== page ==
Mexico: teacher appraisal no longer linked to student performance
Latin America’s largest teachers’ union has stood firmly behind its members through efforts to end the practice of evaluating educators based on the academic outcomes of their students.
Although student learning outcomes in Mexico are considerably below the OECD average, trend analyses of the Programme for International Student Assessment (PISA) results have shown some encouraging improvement in student learning outcomes, particularly in the area of mathematics. "We are happy about this and see it as an achievement of the teaching profession," says Juan Diaz de la Torre, President of the national education union of Mexico, SNTE. However, Diaz de la Torre has concerns about socio-cultural factors still strongly influencing student results. "Drop-out rates are high. Inequity is one of our main challenges."
Mexico has recently introduced extensive reforms of its basic education system with a strong focus on student achievement, including evaluation and assessment schemes at the student and teacher level. But the National Assessment of Academic Achievement in Schools (ENLACE), which was supposed to be a diagnostic and formative assessment instrument, has already led to some detrimental effects in classroom practices, such as teaching to the test.
Although SNTE has supported some of the reform measures, it has opposed the use of student achievement scores for teacher appraisal. "It has raised important issues of fairness among our members across the country," says Diaz de la Torre. Even though the union was able to stop the practice, the so called "Standardised Teachers Examination" is still part of the teachers' appraisal system. To counter it, SNTE has recently started developing its own evaluation system, which takes into account the school environments as well as students’ social background.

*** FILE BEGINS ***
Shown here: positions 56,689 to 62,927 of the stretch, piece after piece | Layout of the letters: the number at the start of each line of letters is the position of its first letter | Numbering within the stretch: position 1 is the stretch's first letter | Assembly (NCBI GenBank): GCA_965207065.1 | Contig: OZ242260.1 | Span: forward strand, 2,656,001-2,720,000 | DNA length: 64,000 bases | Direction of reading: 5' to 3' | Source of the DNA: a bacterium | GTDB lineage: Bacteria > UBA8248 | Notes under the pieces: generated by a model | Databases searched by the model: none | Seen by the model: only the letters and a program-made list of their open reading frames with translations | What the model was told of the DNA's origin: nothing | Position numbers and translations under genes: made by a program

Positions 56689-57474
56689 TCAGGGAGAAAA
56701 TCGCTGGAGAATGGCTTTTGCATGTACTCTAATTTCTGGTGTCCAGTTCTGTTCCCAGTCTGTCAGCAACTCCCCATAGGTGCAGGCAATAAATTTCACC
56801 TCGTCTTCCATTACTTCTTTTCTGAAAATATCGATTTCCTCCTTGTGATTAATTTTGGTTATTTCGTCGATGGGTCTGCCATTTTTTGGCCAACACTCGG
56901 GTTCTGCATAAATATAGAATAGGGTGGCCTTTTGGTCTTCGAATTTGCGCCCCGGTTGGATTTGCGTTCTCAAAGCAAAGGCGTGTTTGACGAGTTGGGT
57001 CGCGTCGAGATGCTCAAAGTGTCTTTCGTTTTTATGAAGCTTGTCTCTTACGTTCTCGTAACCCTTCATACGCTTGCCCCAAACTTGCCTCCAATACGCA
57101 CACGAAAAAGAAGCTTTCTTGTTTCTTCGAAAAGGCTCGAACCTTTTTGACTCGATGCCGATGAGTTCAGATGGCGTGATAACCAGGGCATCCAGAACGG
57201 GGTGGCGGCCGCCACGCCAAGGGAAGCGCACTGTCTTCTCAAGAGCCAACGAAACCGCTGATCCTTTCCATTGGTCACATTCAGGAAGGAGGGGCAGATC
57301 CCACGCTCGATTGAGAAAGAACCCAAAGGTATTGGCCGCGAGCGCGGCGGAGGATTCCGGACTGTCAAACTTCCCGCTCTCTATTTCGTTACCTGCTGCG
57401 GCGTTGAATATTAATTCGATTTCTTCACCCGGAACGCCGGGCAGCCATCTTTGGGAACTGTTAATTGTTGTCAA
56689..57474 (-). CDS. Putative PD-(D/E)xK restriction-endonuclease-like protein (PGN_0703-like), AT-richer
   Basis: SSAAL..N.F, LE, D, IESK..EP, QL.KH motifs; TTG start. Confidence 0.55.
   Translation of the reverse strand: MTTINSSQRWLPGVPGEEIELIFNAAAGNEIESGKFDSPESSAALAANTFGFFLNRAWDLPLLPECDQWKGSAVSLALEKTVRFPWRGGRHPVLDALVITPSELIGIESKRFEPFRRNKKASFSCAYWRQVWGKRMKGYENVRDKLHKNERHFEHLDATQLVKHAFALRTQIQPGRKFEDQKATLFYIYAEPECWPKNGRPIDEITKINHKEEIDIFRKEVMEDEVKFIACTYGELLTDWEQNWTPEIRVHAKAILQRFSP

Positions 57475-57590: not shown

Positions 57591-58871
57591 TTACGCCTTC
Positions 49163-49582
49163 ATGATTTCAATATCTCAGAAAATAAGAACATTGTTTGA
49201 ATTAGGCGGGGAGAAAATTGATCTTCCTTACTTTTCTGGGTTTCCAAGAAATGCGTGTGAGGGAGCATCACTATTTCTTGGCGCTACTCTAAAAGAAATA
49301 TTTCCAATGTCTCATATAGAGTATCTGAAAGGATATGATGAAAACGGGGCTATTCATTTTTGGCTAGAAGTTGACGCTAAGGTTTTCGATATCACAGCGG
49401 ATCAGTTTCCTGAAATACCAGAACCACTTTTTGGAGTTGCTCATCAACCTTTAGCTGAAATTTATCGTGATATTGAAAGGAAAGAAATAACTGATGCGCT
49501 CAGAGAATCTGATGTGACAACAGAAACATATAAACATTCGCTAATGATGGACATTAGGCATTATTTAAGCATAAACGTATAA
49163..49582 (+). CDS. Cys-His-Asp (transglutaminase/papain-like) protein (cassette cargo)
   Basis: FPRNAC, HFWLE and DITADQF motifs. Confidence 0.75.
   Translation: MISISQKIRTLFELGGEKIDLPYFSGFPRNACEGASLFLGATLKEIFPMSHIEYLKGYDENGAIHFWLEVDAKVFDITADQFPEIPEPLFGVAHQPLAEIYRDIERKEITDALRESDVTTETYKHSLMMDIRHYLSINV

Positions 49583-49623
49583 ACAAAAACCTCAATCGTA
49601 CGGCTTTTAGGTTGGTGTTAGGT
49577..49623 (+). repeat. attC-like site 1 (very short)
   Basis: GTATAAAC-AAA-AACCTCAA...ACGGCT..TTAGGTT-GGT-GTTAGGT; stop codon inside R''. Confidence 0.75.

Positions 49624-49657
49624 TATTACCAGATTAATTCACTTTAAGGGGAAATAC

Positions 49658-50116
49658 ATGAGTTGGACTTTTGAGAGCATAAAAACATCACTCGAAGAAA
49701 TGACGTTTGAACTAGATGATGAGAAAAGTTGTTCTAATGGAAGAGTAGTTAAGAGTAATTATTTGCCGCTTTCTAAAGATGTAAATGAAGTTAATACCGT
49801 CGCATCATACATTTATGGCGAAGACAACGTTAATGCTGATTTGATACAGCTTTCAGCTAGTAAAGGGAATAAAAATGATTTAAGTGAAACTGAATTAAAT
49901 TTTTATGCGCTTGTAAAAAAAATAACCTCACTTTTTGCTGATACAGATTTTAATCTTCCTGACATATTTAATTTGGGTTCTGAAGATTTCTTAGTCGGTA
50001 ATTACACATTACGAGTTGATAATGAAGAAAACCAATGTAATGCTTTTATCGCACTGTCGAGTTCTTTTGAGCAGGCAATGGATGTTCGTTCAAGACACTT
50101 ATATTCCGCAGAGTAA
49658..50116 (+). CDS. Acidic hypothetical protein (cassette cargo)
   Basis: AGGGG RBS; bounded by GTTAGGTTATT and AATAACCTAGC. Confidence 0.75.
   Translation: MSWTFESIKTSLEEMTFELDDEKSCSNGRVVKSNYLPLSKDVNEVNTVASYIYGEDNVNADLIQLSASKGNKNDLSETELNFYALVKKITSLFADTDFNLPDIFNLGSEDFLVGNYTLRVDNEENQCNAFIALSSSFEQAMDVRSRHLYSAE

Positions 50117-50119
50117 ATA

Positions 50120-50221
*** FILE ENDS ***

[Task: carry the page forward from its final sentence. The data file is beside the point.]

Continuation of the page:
The SNTE President shares the view of OECD experts who recommend that Mexico establish a clear set of coherent teaching standards providing for the core knowledge, skills and values associated with effective teaching. The union has assumed responsibility to organise in-service training programmes for its members throughout the country on these issues.
The Mexican education sector is not alone when it comes to reform. The SNTE itself is undergoing major changes in its structures and functioning after the union became embroiled in a major scandal in 2012 when its long-time president was accused of corruption practices. Alleged embezzlement of union funds, and the role the union leader played in the appointment of teachers in Mexico, struck the country's entire teaching community. Now two years on, SNTE is recovering from the internal crises and its members are gradually regaining confidence in their union. At a meeting of the union's leadership in Guadalajara on 6 Dec. the new SNTE President recalled the major contributions made by the education union to the improvement of the professional status of teachers since its creation in 1943.
Among the internal changes that Diaz de la Torre has introduced since he was elected president in February 2013 is the promotion of a culture of transparency throughout the organisation, giving every member the opportunity to find information online covering all aspects of the union's work and finances. The SNTE has also created more opportunities for membership participation at all levels. In addition to 30,000 local union activists, 106,000 school representatives have recently been elected, all of whom have a direct influence on the union's activities.
The General Secretary of Education International (EI), Fred van Leeuwen, who attended SNTE's leadership event, said that the union's struggle for quality and equity does not stop at Mexico’s national borders. "It is a global battle," he said, calling for education unions worldwide to reinforce their role as custodians of the teaching profession.
With a membership of 1.6 million, the SNTE is the largest education union in Latin America.